Ross Hart slammed a "very disappointing" letterbox campaign run by the Liberal Party in George Town in which election material claimed Labor would cut two local projects - but Mr Hart says the council had an "in writing" guarantee they would proceed.
In early May, George Town residents received Liberal material stating Labor would cut $6.85 million in projects in the council area - $4.4 million from the George Town mountain bike trail, and $2.45 million for the Regent Square redevelopment.
The material then linked the cut to Labor's promise for $50 million for Mona and $25 million for a Tasmanian AFL team.
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Mr Hart said it was misleading and a "shocking abrogation" of Liberal candidate Bridget Archer's role as mayor of George Town.
"Unfortunately we have, in particular in this electorate, a political party that is prepared for example to letterbox people in George Town telling them, despite what they know, that Labor was prepared to cancel regional grants, commitments that were made in writing to the electorate," he said.
"We've had scare campaign on scare campaign again, and who amongst you can tell me what the Liberals' positive story for Northern Tasmania was?"
Mr Hart said George Town Council - and other councils in Bass - had received a pledge from Labor that the projects would go ahead, but the Liberal Party proceeded with the letterbox campaign.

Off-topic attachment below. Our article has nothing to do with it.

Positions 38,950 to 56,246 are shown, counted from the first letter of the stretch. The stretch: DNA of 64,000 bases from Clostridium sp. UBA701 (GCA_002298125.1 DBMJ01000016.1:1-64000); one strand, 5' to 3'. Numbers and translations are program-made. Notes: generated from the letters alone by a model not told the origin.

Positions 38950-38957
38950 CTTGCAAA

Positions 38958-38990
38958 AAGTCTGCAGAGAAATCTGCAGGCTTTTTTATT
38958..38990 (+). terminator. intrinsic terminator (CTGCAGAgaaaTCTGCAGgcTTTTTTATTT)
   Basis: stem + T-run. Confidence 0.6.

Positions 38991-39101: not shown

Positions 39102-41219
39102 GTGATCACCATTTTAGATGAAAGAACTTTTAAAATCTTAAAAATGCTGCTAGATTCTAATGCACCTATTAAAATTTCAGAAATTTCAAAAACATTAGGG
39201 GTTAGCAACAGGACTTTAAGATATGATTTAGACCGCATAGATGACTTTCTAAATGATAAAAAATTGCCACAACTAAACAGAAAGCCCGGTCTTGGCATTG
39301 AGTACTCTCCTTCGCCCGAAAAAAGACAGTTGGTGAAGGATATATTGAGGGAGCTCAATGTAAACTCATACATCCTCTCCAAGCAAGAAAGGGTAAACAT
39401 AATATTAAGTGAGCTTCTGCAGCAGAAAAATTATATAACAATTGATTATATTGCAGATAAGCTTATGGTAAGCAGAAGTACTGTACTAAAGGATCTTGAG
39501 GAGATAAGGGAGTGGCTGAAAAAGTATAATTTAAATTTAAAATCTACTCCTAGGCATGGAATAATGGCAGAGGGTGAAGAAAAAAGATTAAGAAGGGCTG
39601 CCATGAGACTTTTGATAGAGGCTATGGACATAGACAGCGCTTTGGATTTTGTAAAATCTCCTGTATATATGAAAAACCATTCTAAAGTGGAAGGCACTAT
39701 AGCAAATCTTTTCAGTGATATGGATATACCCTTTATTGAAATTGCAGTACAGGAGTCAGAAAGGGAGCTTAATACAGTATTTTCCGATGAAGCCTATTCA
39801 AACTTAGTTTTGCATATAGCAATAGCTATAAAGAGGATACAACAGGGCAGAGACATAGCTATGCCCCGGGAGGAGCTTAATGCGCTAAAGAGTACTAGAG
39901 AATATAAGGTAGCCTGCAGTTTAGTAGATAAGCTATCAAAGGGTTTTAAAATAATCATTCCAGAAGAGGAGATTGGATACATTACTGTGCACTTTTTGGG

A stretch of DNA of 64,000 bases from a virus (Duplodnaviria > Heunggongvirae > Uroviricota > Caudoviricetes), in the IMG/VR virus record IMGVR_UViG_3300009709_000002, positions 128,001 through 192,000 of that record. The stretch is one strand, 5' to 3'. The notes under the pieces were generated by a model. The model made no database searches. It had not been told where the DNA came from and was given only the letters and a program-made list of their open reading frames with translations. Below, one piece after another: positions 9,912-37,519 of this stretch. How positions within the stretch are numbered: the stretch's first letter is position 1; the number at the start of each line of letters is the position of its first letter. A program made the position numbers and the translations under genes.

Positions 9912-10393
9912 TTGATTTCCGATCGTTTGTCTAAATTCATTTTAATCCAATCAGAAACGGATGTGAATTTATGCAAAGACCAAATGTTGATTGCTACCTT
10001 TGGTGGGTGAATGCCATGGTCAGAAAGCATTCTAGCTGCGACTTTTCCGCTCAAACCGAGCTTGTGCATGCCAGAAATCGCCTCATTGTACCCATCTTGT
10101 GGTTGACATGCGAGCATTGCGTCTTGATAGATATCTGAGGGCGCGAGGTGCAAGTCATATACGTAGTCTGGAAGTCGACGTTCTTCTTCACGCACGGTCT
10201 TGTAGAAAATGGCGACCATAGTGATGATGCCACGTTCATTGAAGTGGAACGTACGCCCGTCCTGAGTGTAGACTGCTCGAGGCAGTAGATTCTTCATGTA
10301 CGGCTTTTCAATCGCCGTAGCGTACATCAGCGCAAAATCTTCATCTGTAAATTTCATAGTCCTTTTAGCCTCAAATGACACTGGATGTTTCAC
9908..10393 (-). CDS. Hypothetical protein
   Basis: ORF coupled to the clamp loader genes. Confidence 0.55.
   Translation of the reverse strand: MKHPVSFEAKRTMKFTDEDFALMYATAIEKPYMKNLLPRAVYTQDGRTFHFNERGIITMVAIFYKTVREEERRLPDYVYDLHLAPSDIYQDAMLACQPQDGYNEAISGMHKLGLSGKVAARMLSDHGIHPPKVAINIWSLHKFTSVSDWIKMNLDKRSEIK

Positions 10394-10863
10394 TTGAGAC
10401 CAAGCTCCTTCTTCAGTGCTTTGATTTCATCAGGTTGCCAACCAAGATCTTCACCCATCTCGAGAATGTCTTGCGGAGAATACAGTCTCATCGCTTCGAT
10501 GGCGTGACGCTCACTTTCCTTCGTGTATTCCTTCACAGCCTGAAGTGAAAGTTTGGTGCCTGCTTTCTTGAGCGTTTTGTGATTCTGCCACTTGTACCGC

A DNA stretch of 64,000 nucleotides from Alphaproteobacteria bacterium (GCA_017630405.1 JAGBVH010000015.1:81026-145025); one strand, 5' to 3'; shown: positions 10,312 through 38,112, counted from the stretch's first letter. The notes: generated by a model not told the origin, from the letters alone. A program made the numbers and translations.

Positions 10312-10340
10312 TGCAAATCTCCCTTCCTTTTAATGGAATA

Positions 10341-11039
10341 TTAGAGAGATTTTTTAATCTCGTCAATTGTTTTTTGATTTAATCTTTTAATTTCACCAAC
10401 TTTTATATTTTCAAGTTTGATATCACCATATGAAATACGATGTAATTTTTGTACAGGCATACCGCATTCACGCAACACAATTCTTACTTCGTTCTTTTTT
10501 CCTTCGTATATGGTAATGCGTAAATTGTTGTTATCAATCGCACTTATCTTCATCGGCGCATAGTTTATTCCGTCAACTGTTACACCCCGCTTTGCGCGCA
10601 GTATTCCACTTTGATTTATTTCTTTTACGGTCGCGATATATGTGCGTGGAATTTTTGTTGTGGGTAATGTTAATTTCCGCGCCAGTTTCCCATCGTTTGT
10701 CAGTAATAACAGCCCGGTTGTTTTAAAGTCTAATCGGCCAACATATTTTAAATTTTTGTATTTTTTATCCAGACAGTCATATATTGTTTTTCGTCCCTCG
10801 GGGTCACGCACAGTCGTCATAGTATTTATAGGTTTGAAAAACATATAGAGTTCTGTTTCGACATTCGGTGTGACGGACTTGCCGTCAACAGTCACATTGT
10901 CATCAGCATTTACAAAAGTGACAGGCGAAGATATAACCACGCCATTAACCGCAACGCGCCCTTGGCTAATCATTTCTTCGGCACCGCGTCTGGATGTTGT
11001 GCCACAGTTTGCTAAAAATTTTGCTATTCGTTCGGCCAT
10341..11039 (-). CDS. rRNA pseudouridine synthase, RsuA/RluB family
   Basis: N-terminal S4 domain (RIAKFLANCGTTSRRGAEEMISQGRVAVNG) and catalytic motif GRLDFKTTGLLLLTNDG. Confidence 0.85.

The two booths in George Town swung heavily to the Liberals - 11.9 and 11.2 per cent - eating into the Labor vote.
The issue of grants funding appeared in the election campaign when Labor Lyons MHR Brian Mitchell told the Glamorgan Spring Bay mayor that the grants announced by the Nationals would not go ahead under Labor.
Yet Labor now claims these commitments were in writing and were not in doubt.
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Ms Archer said there was enough uncertainty to warrant the letterbox drop, and denied it was a scare campaign.
"Early on in the campaign there was certainly uncertainty around whether or not the Labor Party was going to honour the regional grant commitments that were made to communities across Tasmania, including some in George Town," she said.
"That uncertainty came from within the Labor Party [itself] and their messaging was not very consistent across that issue.
"So, from our point of view, we thought that was a genuine risk."
Mr Hart contacted Ms Archer on Sunday morning to formally concede.